Adverts from Marketing to Magazines, Daily Training Records from the
Appointments section to Personnel, Monthly Training Records from Personnel to
Training Agencies, Payments from Accounts to Suppliers, and a few others as
shown in figure 2.12:
Payments Delivery Marketing
Accounts Invoices Control
Figure 2.12 Initial Salon Document Flow Diagram
The next thing to do is to have a first crack at deciding what will lie inside and
what outside the system under investigation. The decision, which is taken in
consultation with the users, leads to the diagram being annotated with a line which
shows what lies inside the system and what outside. The setting of this boundary
is by no means as straightforward as it may appear here, where we have
conveniently separated many sources and recipients in a way that simplifies the
real case significantly. Even so, the boundary is still a bit arbitrary. In practice,
where the distinction between business and system objectives is not clear cut, the
boundary should be treated as a „first shot‟ at scoping the problem. (An alternative
way of scoping a situation will be shown when the Business Activity Modelling
technique is introduced.) For the Salon, the Supplier, the Magazines and the
Training Agency are clearly outside the business‟s sphere of influence, while the
proprietor decides that Accounting and Marketing will also lie outside the
computer‟s realm. The system‟s boundary is shown in figure 2.13.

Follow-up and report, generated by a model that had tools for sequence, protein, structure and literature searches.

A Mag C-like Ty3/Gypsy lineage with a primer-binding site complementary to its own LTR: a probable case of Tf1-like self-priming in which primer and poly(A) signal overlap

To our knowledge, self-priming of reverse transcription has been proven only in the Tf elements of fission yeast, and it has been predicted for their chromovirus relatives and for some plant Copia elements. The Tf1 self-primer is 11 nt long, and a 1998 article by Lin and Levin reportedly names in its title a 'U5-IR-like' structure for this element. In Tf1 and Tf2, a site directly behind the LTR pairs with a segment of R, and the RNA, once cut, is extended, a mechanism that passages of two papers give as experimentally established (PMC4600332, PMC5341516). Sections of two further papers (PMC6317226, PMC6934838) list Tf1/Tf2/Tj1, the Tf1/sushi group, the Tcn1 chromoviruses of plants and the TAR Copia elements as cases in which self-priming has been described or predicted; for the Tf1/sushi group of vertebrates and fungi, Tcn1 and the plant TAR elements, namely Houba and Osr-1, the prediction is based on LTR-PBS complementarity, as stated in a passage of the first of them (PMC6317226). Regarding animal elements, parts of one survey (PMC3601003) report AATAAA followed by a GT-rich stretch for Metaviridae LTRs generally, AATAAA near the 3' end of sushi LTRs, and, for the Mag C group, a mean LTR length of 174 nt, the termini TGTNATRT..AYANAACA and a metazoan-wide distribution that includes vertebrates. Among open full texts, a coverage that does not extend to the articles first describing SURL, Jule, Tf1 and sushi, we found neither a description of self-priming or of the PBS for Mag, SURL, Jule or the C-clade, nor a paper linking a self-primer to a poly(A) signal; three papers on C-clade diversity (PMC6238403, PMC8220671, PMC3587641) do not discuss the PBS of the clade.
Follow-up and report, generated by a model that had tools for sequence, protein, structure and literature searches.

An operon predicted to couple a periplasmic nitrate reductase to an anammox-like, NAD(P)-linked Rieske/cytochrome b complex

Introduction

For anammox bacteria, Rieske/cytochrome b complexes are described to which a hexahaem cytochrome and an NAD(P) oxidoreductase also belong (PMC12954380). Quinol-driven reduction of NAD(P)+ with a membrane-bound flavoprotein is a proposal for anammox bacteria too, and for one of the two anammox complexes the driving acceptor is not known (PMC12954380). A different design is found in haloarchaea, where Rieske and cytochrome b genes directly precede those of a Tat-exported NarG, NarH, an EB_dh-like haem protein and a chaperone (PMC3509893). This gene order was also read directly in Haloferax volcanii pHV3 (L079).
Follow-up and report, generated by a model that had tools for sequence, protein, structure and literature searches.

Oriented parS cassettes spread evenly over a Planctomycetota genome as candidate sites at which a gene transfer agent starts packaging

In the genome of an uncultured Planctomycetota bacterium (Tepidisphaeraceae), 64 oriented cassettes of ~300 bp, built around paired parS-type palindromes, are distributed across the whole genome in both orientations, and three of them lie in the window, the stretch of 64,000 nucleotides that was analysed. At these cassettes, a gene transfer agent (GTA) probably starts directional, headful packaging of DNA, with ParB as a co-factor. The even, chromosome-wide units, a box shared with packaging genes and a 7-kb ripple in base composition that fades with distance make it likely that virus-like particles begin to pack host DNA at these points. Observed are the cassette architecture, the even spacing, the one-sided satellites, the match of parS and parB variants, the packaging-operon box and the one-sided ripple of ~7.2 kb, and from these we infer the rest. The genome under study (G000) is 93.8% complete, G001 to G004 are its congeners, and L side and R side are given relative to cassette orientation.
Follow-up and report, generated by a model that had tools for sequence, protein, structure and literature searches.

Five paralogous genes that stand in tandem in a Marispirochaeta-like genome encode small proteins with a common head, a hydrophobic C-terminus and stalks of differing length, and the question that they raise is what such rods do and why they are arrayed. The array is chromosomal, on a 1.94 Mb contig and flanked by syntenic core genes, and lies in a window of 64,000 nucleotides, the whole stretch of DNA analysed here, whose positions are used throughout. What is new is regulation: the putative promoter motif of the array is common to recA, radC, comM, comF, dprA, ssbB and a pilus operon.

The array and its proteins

Note that there are some documents that are clearly missing from the
scenario (or alternatively there is a lot of information flowing about which does
not have an accompanying document). For example, while the scenario states that
orders are made, they seem to be made through the telephone and no document
raised to be sent to the supplier (though a note of items ordered may be jotted
down for later checking). Similarly, no documents seem to flow about indicating
whether an Appointment has been made with a Customer. In fact, the documents
of the salon, as we have defined them here, fail to contribute anything to our
understanding of the appointments side of the business, since each appointment
request is currently dealt with informally over the phone and logged in an
Appointments Book (which we have not considered to be a „moving‟ document).
Payments Delivery Marketing
Accounts Invoices Control
Figure 2.13 Salon Document Flow Diagram with system boundary.
The document flow diagram uses informal rules and cannot be checked as
rigorously as a Data Flow Diagram. For this reason it is only a supporting product
for SSADM, expected to be raised, if at all, sometime during the Feasibility Study
(Stage 0) or the beginning of Requirements Analysis (Stage 1).
If a document flow diagram is used to produce a DFD, then the
sources/recipients lying outside the boundary become external entities while the
ones inside give rise to processes and/or data stores. Figures 2.14 and 2.15 show
the context diagram and a level 1 DFD that could be derived from the document
flow diagram of figure 2.13. The DFD of figure 2.15 is deliberately left
inconsistent to indicate precisely what emanates from the document flow diagram
used to create it. When the reader perfects his or her understanding of Data Flow
Modelling, it may be interesting to study it to find its shortcomings.
Checked Invoice P45
Figure 2.14 Salon Context diagram derived from the document flow diagram of figure 2.13.
Checked Invoice Employment
Train Records Agency
Figure 2.15 Salon level 1 Current System Data Flow Diagram derived from document flow
diagram of figure 2.13. Note how the incomplete DFD leads to further questions that need to be
However naive figures 2.12-2.15 appear to be they are still informative. For
example, figure 2.13 gives a glimpse of the salon set-up where three distinct